Kris Hemensley on Pete Spence’s new collection ‘Perrier Fever’. Grand Parade Poets 2011.

The following is a slightly edited version of Kris Hemensley’s speech to launch Pete Spence’s latest collection Perrier Fever at the “Poetry and the Contemporary Symposium”, held at the Bella Union, 54 Victoria Street, Carlton as part of the Grand Parade launch; Thursday, 7th July, 2011.

Perrier Fever Grand Parade Poets. 2011


Pete Spence is an old friend & colleague; a member of our Collected Works Bookshop collective in the mid to late ’80s, (which included such luminaries as Robert Kenny, Jurate Sasnaitis, Des Cowley, Ted Hopkins, Rob Finlayson, amongst many others); a fellow little mag editor (who’ll ever forget Post Neo?), gallery buff, international traveller.

He was first mentioned to me by the late Geoff Eggleston as a poet friend he’d like me to meet –circa ’82, ’83… Ah Geoff : author of this memorable couplet, “No man is an island / and no woman is a clipper-ship” — I still dont quite know what it means! Likewise, Pete’s line always in my head : “relaxing on a Li-Lo reading Li Po” –the entire verse is, “a parenthesis ladles the tune / relaxing on a Li-Lo reading Li Po / under some amended weather / tumbling sunshine”…


James Schuyler said you’d never get New York poetry until you realized the gallons of paint flowing through it –painting & painters. Following that thought, Pete’s book abounds in names (Pam, Ken, John, Corny et al), references to painting, to poetry & to poets, & to music, composers –as though a record is always playing –a symphony, perhaps, he shares with Alan Wearne, his friend & publisher. Spence is a poet of fraternity –which includes conviviality & melancholy… No wonder his recent poem in progress is called The Kynetonbury Tales, and a delight it’s been to read via e-mail. And, therefore, what a coup that Alan Wearne has pinned this pilgrim down long enough to make a cohesive book out of a vast & errant production –this book out of many possible compilations. And Alan is to be heartily congratulated on his Grand Parade Poets publishing project, & this particular volume.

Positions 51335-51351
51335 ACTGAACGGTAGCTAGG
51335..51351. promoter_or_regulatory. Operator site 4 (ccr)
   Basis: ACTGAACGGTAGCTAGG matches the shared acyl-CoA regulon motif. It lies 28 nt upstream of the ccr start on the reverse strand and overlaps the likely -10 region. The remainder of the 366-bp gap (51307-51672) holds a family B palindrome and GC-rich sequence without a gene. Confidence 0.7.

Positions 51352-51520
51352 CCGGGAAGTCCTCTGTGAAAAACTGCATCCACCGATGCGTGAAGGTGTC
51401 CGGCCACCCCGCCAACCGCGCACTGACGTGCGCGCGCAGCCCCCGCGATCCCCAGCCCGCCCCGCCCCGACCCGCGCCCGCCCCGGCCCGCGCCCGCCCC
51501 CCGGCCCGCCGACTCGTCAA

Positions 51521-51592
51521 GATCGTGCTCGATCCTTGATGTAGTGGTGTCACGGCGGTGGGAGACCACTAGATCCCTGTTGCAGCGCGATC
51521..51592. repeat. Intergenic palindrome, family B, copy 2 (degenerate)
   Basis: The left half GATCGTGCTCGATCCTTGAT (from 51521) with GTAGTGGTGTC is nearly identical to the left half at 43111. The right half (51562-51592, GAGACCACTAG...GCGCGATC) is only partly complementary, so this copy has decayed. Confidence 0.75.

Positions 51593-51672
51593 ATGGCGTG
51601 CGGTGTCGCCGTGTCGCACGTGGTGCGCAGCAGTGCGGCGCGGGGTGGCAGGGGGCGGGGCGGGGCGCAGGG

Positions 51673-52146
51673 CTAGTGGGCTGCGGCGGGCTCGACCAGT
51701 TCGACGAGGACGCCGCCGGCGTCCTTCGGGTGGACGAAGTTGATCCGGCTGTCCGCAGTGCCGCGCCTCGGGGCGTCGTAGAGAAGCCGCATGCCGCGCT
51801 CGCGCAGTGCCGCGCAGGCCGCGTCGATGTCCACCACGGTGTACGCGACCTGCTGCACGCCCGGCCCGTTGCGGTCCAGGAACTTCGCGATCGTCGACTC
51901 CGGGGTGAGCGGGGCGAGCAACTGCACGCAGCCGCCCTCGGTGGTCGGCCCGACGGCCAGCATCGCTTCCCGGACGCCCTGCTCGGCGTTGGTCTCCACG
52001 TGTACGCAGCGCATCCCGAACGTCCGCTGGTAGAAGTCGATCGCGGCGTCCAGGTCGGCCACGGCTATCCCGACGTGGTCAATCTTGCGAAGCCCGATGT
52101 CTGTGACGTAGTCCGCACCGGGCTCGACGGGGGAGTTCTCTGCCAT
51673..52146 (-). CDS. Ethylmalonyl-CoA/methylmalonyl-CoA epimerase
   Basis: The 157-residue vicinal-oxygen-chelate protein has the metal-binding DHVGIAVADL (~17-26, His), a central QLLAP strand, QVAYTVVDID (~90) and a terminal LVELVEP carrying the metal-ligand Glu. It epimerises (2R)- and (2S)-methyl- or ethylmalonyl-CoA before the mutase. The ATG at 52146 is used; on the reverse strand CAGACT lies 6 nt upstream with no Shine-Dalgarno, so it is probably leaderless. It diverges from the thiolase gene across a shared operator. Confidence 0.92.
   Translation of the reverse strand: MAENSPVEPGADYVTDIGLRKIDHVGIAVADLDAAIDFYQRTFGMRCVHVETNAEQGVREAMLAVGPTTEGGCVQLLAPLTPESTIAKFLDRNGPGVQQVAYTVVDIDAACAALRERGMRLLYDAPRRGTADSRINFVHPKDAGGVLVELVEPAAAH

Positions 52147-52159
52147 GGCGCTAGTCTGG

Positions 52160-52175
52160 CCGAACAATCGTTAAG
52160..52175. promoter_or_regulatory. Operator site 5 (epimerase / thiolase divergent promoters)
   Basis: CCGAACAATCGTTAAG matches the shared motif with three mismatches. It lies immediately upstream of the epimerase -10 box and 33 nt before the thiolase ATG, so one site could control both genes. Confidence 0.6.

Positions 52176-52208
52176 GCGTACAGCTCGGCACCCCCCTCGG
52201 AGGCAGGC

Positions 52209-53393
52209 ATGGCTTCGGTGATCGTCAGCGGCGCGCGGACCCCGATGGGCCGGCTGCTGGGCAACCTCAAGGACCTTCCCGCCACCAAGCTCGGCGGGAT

It’s such a good looker… Designed & set by Christopher Edwards, — who shares with Pete similar ‘adventures in poetry’, –the chance & play –the relishing of words as though a different species of artist –painter, sculptor, composer.

And Alan himself along this track, whose Otis Redding poem way back in Public Relations (published by Gargoyle Poets in 1973), advances his share of Pete’s kind of fun:

“Redding, Redding, remorse will smash any epilogue chance, / any sweat-liturgy you sang and I might have attempted / once I walked in the rain until one once / to shout O, ’tis (forever!) Redding” …


So, a poet of fraternity –which tag can deal with correspondence & address (the given social world a poet inhabits) and the matter of influence. And if I can use the French ‘chez’, thus “with” (which Paul Buck gave me decades ago) : “with” in preference to “after” with its misleading implication of “imitation” –, then we can say Pete Spence’s poems stay with the effects of his long lasting affections… He revisits them, he calls upon them –they are become motifs –they are his muses, they are his amusements –elegy, ode, sonnet, City, Landscape, Weather, the Sun, the Sky…


I opened his book at random the other day, on page 105, –the poem entitled Shop :

“i thought the shop / was called SLIDE / until i walked into the door!”

I’m still visualizing a kind of Jacques Tati cartoon, or Charlie Chaplin, or Rowan Atkinson. The jokeyness transmutes or elevates from ha-ha to Surrealist smile in the poem Drawing: